QUALITY VERSUS QUANTITY IN CHARGING INFRASTRUCTURE
Alternative fuels are clearly of rising importance and will become a more integrated part of society in the near future. Although hydrogen vehicles are also developing quickly, electric vehicles will likely dominate passenger transport in the short term.
E-mobility faces its own challenges, however. Fuel range anxiety is one problem that needs to be solved. Likewise, concerns about congested charging points – potentially leading to considerable delays even on pre-planned routes – need to be addressed.
CHARGING POINT AVAILABILITY
One of the main bottlenecks holding back the expansion of electric vehicle technology is recharging, which may take up to 8 hours at a standard charging station.
One solution to the issue is found in Sweden, where most EVs sold are Plug-in Hybrid Electric Vehicles (PHEVs) and therefore able to complete most journeys without needing to be charged.
Nonetheless, there are still many Battery Electric Vehicles (BEVs) on the roads that need to be charged much more frequently and urgently. We therefore need to ensure that some form of priority charging system is put in place as we move forward.
Improved infrastructure in urban areas is one prerequisite for success. The approach taken in London and many cities appears promising: new developments should ensure that a certain percentage of parking spaces are equipped with charging stations.
Although there is still a long way to go, we should eventually be able to match the number of EVs with a suitable number of EV charging points. Motorway rapid charging takes this a step further. Expanding the network across countries is a major challenge in fully integrating EVs into our societies.
CHARGING POINT QUALITY
When talking about charging infrastructure and availability, the focus is often on quantity, which is easy to monitor.
But numbers or electrical load are only parts of the issue. Instead, focus should be on balancing the right number of chargers with the appropriate power requirements. Some chargers installed at new developments, such as new sports facilities or office buildings, might be used only rarely.
The reason for this mismatch is the lack of charging infrastructure in the current climate, and this calls for further assessment and a deeper understanding of the needs that are most important to EV owners and potential future buyers.
Another important aspect is how requirements differ between a country’s regions, and this calls for further analysis. Rural and suburban areas, for example, often offer better options for home charging than city centres, where most cars are parked on the street with no access to home charging.
It might therefore be more effective to provide chargers at workplaces rather than trying to place chargers in an already over-crowded environment. The competition for land in city centres indicates that the space should be used for purposes other than charging cars. Furthermore, the cost of grid power connection for superchargers is much higher in city centres, which makes it desirable to evaluate other locational options. Rapid chargers are more essential along transport routes with large volumes of through traffic.
The future may see an electric car with a short-range battery charging from contactless inductive chargers around cities and a long-range hydrogen tank enabling long journeys and trips on minor roads that do not provide charging facilities. The objective is to make the most of what we are able to do now and prepare to do even more in future.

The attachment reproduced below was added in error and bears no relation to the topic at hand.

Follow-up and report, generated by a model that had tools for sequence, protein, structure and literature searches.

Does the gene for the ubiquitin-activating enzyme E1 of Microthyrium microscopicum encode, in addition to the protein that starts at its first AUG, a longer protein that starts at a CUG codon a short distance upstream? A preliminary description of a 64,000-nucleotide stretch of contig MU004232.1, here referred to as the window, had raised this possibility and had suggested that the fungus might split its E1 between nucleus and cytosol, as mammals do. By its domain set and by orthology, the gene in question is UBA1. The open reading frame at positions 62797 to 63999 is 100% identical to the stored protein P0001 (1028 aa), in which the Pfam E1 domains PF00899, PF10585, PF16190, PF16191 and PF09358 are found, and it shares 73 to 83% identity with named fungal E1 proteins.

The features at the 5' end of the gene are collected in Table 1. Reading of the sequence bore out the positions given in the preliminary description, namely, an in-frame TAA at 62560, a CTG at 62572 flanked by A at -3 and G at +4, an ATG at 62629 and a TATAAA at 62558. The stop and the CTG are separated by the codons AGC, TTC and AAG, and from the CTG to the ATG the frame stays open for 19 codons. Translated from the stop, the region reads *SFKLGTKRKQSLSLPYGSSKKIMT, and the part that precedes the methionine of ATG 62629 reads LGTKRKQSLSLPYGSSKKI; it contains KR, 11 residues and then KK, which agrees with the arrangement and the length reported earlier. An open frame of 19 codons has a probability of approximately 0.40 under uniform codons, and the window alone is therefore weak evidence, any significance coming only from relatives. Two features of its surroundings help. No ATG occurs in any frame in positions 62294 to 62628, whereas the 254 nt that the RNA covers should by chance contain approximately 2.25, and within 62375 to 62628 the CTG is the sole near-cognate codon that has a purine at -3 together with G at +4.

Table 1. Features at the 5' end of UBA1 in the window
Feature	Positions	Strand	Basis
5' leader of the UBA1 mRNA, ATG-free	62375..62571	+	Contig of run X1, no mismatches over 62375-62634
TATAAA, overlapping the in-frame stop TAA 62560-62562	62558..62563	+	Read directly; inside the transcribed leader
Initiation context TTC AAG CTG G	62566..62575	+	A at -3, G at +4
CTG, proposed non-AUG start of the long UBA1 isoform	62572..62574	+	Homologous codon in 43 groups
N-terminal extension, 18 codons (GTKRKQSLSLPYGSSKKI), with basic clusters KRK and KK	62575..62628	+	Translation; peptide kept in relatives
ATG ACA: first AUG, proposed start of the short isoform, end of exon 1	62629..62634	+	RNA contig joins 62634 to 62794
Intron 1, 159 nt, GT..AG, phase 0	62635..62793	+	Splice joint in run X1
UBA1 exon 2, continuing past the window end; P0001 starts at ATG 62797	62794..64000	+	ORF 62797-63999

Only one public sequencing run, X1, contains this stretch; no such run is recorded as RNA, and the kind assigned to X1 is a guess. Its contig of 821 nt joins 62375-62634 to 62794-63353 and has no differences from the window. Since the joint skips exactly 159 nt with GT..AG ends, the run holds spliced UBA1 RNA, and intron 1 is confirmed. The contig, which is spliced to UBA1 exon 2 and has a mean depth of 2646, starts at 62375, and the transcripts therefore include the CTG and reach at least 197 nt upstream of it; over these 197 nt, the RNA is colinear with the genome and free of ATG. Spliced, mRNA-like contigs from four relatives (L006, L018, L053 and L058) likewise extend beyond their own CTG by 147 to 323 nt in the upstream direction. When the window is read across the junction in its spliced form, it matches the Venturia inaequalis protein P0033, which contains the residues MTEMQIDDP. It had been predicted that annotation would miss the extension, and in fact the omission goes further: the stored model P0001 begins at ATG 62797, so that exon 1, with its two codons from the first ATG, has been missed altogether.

EXISTING INFRASTRUCTURE MUST BE UTILISED CAREFULLY
When developing sustainable e-mobility solutions, it is extremely important to utilise existing grids with caution. Not even the most revolutionary electric vehicle will remain attractive if it regularly causes substation power failures or blown fuses. Many years have been spent developing and improving our existing infrastructure, so considerable changes to its current usage should not be taken lightly.
As people come home from work and charge their vehicles – while also cooking and using other electrical appliances – we can expect demand peaks of entirely new dimensions, especially in areas with high concentrations of EVs. To manage peaks in power demand, load management will be critical.
Other interesting advances in technology include vehicle-to-grid (V2G), where plugged-in EVs can be used to provide local power network balancing and EV owners rewarded for providing this service. Careful automated control of V2G will ensure that EV owners are not inconvenienced by having their batteries discharged excessively.
THE NEED FOR NEW EV TECHNOLOGY STANDARDS
The E-magine case study underscores the issues of coping with a vast range of different plugs and chargers on the market, as well as the large differences in charging station quality. Charging station payment methods also need to be coordinated. To drive change in this area, it could be argued that European countries need to bring all infrastructure in line with common standards. This harmonisation would also reduce costs and promote a common market for sustainable fuels.
This report focuses on electric vehicles and their integration into society in coming years and analyses the state of alternative fuel vehicles and facilities across Europe today. The report presents a case study that was conducted to examine the feasibility of travelling long distances today in an electric vehicle, in the form of an imagined journey across Europe based on data from several different journeys. Finally, the report looks into the future and considers the demand and requirements for modern energy infrastructure that can meet expectations and technical demands for the development of sustainable mobility.